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Winged beauties: Arhopala ganesa ganesa. Photo: Special Arrangement  

The butterfly named Himalayan tailless bushblue (Arhopala ganesa ganesa) was known to occur at an altitude between 1,300 m to 2,400 m in Jammu and Kashmir and Uttarakhand. Recent studies however, have located the species at 3,577 m in Askot Wildlife Sanctuary in Uttarakhand, at least 1,200 m higher than it’s known range.

An upward habitat shift has also been found for the blue baron (Euthalia telchinia), a butterfly species protected under Schedule I of the Wildlife Protection Act, 1972. While earlier it was known to be found at an altitude of 1,500 m in the central Himalayas, north-east India and the Western Ghats, researchers recorded it at 2,100 m at Neora Valley National Park, West Bengal.

In the case of some species of moth, a similar uphill movement of habitat was recorded. The Trachea auriplena — described from Sri Lanka at about 300 m altitude — was recorded at 3,100 m in the Valley of Flowers National Park (Uttarakhand), an unusual occurrence for the species. Another moth species Diphtherocome fasciata was recorded at 3,300 m in the Govind Wildlife Sanctuary (Uttarakhand), at least 2,200 m higher than its previous range.

These occurrences have come to light in a publication titled ‘Assemblages Of Lepidoptera in selected protected areas across Indian Himalaya through long-term ecological monitoring’ released during the 6th Asian Lepidoptera Conservation Symposium organised in Kolkata. The volume, published by the Zoological Survey of India (ZSI), is a result of three years of study across 175 long-term ecological monitoring plots across six Himalayan regions, from the cold deserts of Ladakh to the tropical evergreen forests of Arunachal Pradesh.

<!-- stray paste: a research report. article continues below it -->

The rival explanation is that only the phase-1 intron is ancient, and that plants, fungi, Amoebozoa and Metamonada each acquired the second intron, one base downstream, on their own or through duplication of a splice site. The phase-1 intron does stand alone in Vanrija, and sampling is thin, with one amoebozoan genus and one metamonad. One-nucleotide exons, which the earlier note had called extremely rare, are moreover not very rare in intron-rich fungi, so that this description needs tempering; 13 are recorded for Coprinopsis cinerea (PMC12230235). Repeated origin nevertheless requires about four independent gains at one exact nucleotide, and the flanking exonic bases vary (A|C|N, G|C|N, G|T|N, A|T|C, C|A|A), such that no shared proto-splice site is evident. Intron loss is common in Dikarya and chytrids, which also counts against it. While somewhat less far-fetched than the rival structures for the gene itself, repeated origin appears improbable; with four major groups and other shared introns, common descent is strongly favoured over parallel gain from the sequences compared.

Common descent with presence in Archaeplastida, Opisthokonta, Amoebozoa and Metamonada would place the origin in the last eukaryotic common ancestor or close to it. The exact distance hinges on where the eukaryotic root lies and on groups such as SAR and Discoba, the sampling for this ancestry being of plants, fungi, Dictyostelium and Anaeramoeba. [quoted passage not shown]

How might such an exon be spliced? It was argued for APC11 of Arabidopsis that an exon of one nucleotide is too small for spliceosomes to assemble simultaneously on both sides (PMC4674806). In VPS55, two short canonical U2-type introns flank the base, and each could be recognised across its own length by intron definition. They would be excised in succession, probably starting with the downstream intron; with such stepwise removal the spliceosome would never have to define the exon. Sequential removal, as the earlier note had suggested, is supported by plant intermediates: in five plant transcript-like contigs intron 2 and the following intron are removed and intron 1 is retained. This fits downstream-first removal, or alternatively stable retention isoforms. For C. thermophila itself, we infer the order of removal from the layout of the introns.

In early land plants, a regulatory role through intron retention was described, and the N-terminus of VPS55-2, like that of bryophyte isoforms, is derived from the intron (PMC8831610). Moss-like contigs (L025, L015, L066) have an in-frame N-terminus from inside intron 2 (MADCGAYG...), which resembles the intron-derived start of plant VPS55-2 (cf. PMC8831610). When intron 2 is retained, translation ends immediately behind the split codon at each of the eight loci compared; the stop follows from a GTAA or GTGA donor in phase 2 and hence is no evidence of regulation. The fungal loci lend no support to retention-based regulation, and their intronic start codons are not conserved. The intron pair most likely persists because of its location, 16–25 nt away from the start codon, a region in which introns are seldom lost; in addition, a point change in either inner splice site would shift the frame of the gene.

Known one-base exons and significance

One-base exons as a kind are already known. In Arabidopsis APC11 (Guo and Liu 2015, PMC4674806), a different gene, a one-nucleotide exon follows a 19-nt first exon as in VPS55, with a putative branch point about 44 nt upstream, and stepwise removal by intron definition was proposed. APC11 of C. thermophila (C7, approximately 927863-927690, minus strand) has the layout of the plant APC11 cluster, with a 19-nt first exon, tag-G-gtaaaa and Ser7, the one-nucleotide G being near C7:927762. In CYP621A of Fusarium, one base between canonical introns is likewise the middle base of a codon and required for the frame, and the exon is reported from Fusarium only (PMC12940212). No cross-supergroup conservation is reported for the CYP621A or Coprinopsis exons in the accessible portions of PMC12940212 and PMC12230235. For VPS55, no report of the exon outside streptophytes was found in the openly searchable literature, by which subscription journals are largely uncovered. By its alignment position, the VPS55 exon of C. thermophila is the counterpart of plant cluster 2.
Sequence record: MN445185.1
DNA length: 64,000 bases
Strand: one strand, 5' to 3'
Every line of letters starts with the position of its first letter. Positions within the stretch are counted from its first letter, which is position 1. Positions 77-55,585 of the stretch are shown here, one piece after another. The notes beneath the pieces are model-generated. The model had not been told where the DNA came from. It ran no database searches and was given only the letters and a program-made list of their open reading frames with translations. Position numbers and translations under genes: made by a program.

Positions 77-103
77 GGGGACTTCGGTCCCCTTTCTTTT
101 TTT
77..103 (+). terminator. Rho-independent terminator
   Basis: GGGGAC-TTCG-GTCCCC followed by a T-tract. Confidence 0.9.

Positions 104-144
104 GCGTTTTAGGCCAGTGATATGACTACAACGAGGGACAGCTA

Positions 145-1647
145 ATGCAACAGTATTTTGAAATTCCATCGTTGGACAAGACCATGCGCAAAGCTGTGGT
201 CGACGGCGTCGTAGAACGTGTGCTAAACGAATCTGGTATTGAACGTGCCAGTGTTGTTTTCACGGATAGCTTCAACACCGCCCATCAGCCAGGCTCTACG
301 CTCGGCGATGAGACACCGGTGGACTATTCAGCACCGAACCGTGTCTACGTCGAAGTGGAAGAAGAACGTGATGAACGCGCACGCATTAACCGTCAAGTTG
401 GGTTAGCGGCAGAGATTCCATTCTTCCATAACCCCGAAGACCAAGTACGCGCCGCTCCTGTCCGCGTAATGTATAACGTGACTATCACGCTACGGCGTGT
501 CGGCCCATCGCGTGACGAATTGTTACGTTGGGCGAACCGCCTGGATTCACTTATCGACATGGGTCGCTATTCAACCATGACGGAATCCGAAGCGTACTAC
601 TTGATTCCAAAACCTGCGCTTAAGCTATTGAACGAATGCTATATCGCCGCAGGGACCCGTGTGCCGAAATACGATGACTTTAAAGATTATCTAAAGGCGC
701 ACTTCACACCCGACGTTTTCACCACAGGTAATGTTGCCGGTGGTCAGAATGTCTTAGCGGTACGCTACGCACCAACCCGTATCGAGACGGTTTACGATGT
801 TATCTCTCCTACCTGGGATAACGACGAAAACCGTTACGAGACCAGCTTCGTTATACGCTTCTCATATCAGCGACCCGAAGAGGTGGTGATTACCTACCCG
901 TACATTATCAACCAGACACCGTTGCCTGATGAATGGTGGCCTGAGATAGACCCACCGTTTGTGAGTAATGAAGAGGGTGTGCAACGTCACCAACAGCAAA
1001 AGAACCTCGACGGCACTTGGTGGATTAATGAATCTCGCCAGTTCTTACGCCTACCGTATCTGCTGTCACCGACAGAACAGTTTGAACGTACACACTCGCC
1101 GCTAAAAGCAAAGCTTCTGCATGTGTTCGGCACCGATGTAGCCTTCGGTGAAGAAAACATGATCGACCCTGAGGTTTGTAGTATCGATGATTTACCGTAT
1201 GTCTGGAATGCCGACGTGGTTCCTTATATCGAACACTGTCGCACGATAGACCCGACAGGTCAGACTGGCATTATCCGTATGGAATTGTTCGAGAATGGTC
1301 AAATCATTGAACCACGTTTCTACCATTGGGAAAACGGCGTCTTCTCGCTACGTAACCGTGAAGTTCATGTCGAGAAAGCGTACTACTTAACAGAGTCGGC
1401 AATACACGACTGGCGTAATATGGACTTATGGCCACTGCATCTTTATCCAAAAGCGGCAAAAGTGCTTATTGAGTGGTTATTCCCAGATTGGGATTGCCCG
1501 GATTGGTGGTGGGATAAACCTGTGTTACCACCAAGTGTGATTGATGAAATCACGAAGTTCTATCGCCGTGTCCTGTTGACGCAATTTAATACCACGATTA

The volume edited by ZSI scientists Kailash Chandra, Navneet Singh, Vikas Kumar, Angshuman Raha and Abesh Kumar Sanyal runs over 400 pages and also records 1,758 species of butterflies and moths.

The sites were systematically sampled for moth abundance by light trapping and butterfly abundance through systematic walks and vegetation study. Another significant outcome of the study, which involved more than a dozen of scientists and researchers, is that 89 species of Lepidoptera were recorded as new additions to Indian fauna.

“Lepidoptera (moths and butterflies) are known as potent ecological indicators and the ZSI through the publication has drawn attention to climate change and conservation of such species. The methodologies and the outcomes of this study can be adopted for other faunal groups elsewhere in the country,” said Dr. Chandra, Director of ZSI.

Highlighting the intricate relationship between Lepidoptera and vegetation, Navneet Singh said that their distribution depends on and shifts with changes in vegetation. “During the study, we found that most of the species that were found at lower attitude had moved up. In rare cases, we have found a reverse trend,” he said.

Scientists, including representatives of the Ministry of Environment and Forest and Climate Change (MOEFCC) who participated in the conference, said that the publication not only records specific Lepidoptera species at different altitudes but also creates a baseline and long-term database of Lepidoptera assemblages of the Indian Himalayas required for assessing climate change.

Ravi Agarwal, Additional Secretary, MOEFCC, said that the publication has “bidirectional implications” to assess climate change impacts of the Himalayan ecosystem and generating awareness among nature enthusiasts about immense ecological roles of insects and their conservation significance.

Abesh Sanyal, another researcher who worked on the field, said that during the study it was observed that several species which were found in other parts of country had been reported in north-western, western, central and eastern Himalayan faunal composition.

“As climate change most pronouncedly influences species’ habitable range, whether these species were already flying in these sectors, or they are recent infiltrators due to climatic homogenisation, will be subject to further studies,” Dr. Sanyal said, adding that “such huge numbers of lateral movement of species can be a cause for concern”.

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